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302 066 697 2

Artwork copyright (c) 2005 Revolution Studios Distribution Company, Ltd.; review copyright (c) 2005 James Southall



Effective synth effort, though it's hard to like


Despite their "cult status" and devoted fan followings, few of John Carpenter's films actually made very much money except for Halloween, so it's somewhat surprising to see the current trend of Hollywood remaking them (with massively larger budgets but no noticeably better results).  After Assault on Precinct 13 comes The Fog, a remake of his 1980 film about a killer fog containing deadly zombies.  (It's not clear whether or not it's a true story.)  The original had Janet Leigh and Jamie Lee Curtis; this one has Tom Welling and Maggie Grace (no, me neither, before you ask).  It did surprisingly well at the box office, though one would be hard pressed to find anyone who actually liked it.  (No doubt it won't be long before there's another remake of a Carpenter "classic"; I look forward to the 2006 version of Ghosts of Mars.)

Bizarrely, after scoring the Assault on Precinct 13 remake a few months earlier, Graeme Revell was again engaged to score The Fog.  Like that score, it's been released on CD by Varese Sarabande, but unlike it, it's entirely synthesised.  The score provides a mix of atmospheric suspense music and action sequences (with the balance favouring the former).  The expensive synths are sometimes used, disappointingly, as a fake orchestra, though the quality of samples for the strings and brass are surprisingly good; action cues like "It Wants Us" and "Boathouse" are certainly effective.  The suspenseful material is no less effective, though it doesn't work so well on an album; the twinkling piano is a nice (if familiar) device and provides just the right mood.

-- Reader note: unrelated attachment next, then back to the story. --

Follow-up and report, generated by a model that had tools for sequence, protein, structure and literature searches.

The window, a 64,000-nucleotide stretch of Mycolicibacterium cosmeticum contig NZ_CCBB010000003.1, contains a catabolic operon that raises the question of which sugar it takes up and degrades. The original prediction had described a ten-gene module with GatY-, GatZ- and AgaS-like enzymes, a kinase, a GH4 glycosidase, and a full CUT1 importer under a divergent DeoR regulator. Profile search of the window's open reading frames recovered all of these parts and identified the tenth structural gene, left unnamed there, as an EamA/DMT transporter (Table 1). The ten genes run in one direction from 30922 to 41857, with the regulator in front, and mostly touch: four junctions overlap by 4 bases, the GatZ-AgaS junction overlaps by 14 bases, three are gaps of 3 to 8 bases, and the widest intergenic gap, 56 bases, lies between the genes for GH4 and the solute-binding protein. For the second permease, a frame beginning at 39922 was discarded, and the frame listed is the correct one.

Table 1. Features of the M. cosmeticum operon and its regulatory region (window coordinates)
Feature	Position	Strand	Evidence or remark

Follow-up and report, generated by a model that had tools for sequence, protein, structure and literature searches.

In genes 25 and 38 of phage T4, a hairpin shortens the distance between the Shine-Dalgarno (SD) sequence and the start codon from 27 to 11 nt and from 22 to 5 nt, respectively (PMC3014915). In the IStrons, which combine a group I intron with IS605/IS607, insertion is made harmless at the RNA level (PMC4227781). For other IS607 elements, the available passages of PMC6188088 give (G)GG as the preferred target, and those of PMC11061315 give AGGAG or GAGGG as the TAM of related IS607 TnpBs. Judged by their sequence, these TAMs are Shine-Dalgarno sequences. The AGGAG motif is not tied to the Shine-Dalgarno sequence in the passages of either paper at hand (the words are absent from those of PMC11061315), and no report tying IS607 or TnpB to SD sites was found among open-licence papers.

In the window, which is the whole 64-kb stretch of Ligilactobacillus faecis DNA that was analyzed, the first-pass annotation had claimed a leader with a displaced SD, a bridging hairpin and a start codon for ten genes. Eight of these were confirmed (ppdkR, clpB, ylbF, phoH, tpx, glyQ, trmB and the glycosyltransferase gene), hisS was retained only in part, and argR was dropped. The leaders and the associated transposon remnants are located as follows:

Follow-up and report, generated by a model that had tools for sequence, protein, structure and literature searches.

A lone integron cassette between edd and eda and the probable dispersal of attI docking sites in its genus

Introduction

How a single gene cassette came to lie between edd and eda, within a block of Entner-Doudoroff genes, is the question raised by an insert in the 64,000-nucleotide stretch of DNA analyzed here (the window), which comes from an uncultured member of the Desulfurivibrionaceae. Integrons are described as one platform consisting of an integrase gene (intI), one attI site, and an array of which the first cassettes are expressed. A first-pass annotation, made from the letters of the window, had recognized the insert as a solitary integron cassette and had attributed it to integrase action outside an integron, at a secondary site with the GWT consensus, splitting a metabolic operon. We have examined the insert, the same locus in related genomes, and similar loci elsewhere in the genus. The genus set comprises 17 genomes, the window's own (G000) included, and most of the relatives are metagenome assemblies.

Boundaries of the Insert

There's a piece of romance (sort of) in the pop-infused "Shower Love"; and some other lighter passages later on.  The first real hint of warmth appears in "The Fog Recedes", the standout piece on the album.  Revell makes the most of his synths (though the predictable drum loops are becoming a truly tired device in scores like this) but one can't help but feel the music would sound a lot better if an orchestra had been involved.  That said, for all its flaws it is more impressive than Carpenter's own cheap, amateurish score for the original film.  Fans of modern horror scores will certainly enjoy it, as will fans of the composer; more casual listeners may find it harder to take. 

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  1. Prologue (2:31)
  2. God's Country (:44)
  3. Anchor Lockup (1:51)
  4. It Wants Us (2:20)
  5. The Hallmark (1:27)
  6. Shower Love (1:12)
  7. Elizabeth... (2:52)
  8. Boathouse (1:36)
  9. Statues (2:00)
  10. Lights Out (1:31)
  11. Island History (1:43)
  12. The Search (3:18)
  13. Burned Image (:46)
  14. It's Here (3:39)
  15. Crime Aboard (2:42)
  16. Tragedy on the Elizabeth Dane (3:18)
  17. The Reckoning (1:50)
  18. The Fog Recedes (1:41)
  19. Epilogue (1:17)